Capture the Flag: A Political History of American Patriotism (Hardcover)

A Political History of American Patriotism

By Woden Teachout

Basic Books (AZ), 9780465002092, 266pp.

Publication Date: May 1, 2009



Americans honor the flag with a fervor seen in few other countries: The Stars and Stripes decorate American homes and businesses; wave over sports events and funerals; and embellish everything from politicians' lapels to the surface of the moon.

But what does the flag mean? In Capture the Flag, historian Woden Teachout reveals that it has held vastly different meanings over time. It has been claimed by both the right and left; by racists and revolutionaries; by immigrants and nativists. In tracing the political history of the flag from its origins in the American Revolution through the present day, Teachout demonstrates that the shifting symbolism of the flag reveals a broader shift in the definition of American patriotism.

A story of a nation in search of itself, Capture the Flag offers a probing account of the flag that has become America's icon.

About the Author

Woden Teachout holds a PhD in the History of American Civilization from Harvard University. She has taught at Harvard and Middlebury and is currently Professor of Graduate Studies at Union Institute & University. She lives in Montpelier, Vermont.

Praise For Capture the Flag: A Political History of American Patriotism

Ken Burns
“No symbol of our nation carries as much emotional resonance as Old Glory, and as Americans of every era have struggled over how to tap that emotion for their own cause, no symbol has both united and divided us quite so passionately. In this penetrating history, Woden Teachout demonstrates that our shifting uses — and misuses — of the flag tell us more about ourselves and our times than about the Stars and Stripes meant to rally us together.”

Rick Shenkman, author of Just How Stupid Are We?
“The mystery of how a simple piece of cloth bearing stripes and stars has been infused with deep meaning by Americans as different as the white robed men of the Ku Klux Klan and liberals like Bill Moyers is unraveled in this fine, thoughtful history of the flag.”

David D. Hall, Bartlett Research Professor of New England Church History, Harvard Divinity School
“A wonderfully accomplished narrative that will surprise every reader in showing how the flag as emblem of patriotism has been emphasized and ignored, contested and affirmed. This is good history that offers lessons for our own times.”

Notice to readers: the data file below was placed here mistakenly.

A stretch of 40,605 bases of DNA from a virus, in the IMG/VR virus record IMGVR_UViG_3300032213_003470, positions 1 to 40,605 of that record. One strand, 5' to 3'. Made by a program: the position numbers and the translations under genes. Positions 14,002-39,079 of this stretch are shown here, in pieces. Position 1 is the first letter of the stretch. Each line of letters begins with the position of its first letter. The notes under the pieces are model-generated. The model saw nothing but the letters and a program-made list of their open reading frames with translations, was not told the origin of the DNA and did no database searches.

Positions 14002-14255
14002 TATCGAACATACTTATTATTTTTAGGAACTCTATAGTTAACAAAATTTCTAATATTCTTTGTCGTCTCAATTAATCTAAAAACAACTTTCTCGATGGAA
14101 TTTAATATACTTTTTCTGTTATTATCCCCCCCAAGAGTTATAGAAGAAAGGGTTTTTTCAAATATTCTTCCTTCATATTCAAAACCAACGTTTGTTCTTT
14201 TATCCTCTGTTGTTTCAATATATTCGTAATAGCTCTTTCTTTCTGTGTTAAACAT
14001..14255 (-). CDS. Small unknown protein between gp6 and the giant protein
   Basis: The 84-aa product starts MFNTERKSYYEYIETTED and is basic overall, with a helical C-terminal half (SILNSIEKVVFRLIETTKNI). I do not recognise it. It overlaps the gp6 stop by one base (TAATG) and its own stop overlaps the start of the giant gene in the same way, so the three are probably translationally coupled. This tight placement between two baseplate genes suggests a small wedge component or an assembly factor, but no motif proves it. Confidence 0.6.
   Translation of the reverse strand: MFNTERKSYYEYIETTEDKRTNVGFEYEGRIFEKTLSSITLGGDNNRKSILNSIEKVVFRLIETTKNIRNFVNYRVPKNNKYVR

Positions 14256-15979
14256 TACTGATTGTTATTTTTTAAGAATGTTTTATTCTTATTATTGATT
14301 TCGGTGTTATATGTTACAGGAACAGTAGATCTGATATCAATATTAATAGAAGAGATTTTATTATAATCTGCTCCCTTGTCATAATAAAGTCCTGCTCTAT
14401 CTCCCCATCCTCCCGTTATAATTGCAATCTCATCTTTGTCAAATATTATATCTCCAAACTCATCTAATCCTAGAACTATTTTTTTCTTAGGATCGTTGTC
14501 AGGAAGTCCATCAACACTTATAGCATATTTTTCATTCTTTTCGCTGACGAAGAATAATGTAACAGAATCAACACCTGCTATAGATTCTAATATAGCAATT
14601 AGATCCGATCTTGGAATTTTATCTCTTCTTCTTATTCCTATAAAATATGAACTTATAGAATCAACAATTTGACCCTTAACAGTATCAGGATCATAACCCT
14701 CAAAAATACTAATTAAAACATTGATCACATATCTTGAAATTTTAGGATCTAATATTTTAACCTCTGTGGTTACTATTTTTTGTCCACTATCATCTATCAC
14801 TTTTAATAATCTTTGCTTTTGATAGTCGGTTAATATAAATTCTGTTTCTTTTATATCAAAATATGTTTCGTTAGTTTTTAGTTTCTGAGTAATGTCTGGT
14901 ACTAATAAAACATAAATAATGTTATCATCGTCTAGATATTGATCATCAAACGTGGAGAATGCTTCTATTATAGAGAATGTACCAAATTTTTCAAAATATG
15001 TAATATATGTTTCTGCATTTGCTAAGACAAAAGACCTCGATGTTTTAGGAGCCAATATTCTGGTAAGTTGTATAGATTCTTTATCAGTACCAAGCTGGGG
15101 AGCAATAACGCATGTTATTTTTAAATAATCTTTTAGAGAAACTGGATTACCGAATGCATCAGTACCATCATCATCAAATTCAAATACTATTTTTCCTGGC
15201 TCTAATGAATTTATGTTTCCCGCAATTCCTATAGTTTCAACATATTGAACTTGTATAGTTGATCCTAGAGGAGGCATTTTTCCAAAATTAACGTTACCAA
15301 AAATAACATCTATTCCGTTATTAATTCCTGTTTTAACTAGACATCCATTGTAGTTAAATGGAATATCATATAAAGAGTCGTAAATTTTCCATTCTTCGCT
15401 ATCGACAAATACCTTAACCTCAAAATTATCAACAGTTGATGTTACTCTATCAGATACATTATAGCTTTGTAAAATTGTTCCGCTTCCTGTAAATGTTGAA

Ted Widmer, author of Arc of the Liberties: America and the World
“With eloquence, passion and deep scholarly research, Woden Teachout illuminates the most American subject of them all.”

James Patterson, author of Brown v. Board of Education: A Civil Rights Milestone and Its Troubled Legacy
“Displaying a fine eye and narrative skill in recounting key episodes—among them the Revolution, nativist riots, the bombardment of Fort Sumter, civil rights activism, and the New York City hard hat riot of 1970—Woden Teachout reminds us of how important the American flag has been as a symbol for a wide variety of patriotic causes.”

Wall Street Journal
“…[A] lively account of the flag’s polymorphous and evolving meanings. ‘Capture the Flag’ reads like a sort of historical Bildungsroman, a 200-year-long coming-of-age saga in which its innocent protagonist matures from a patched-together sailors’ standard to the uniquely ­potent symbol freighted with the hopes, dreams and expectations that it bears today.” “If the flag’s history offers any lessons, and Ms. Teachout ­argues convincingly in this provocative book that it does, the battle for the flag’s ­meaning is unlikely to end soon, if ever.”

Washington Times
“…Ms. Teachout's analysis will help people understand all kinds of patriotism in their broader context.”

Washington Post
“…a lively portrait of the mutable and multiple meanings of our most cherished and contested national emblem…Woden Teachout argues convincingly that patriotic symbols -- like patriotism itself – have always meant different things to different Americans.”

Boston Globe
“Smart…[Capture the Flag] follows the evolution of the star-spangled banner through eight instructive episodes… For the author, the flag is less about sewing and the 13 original colonies than the country’s rich history of political maneuvering and the huge, vexing issues that this simple arrangement of shapes can help unfurl.”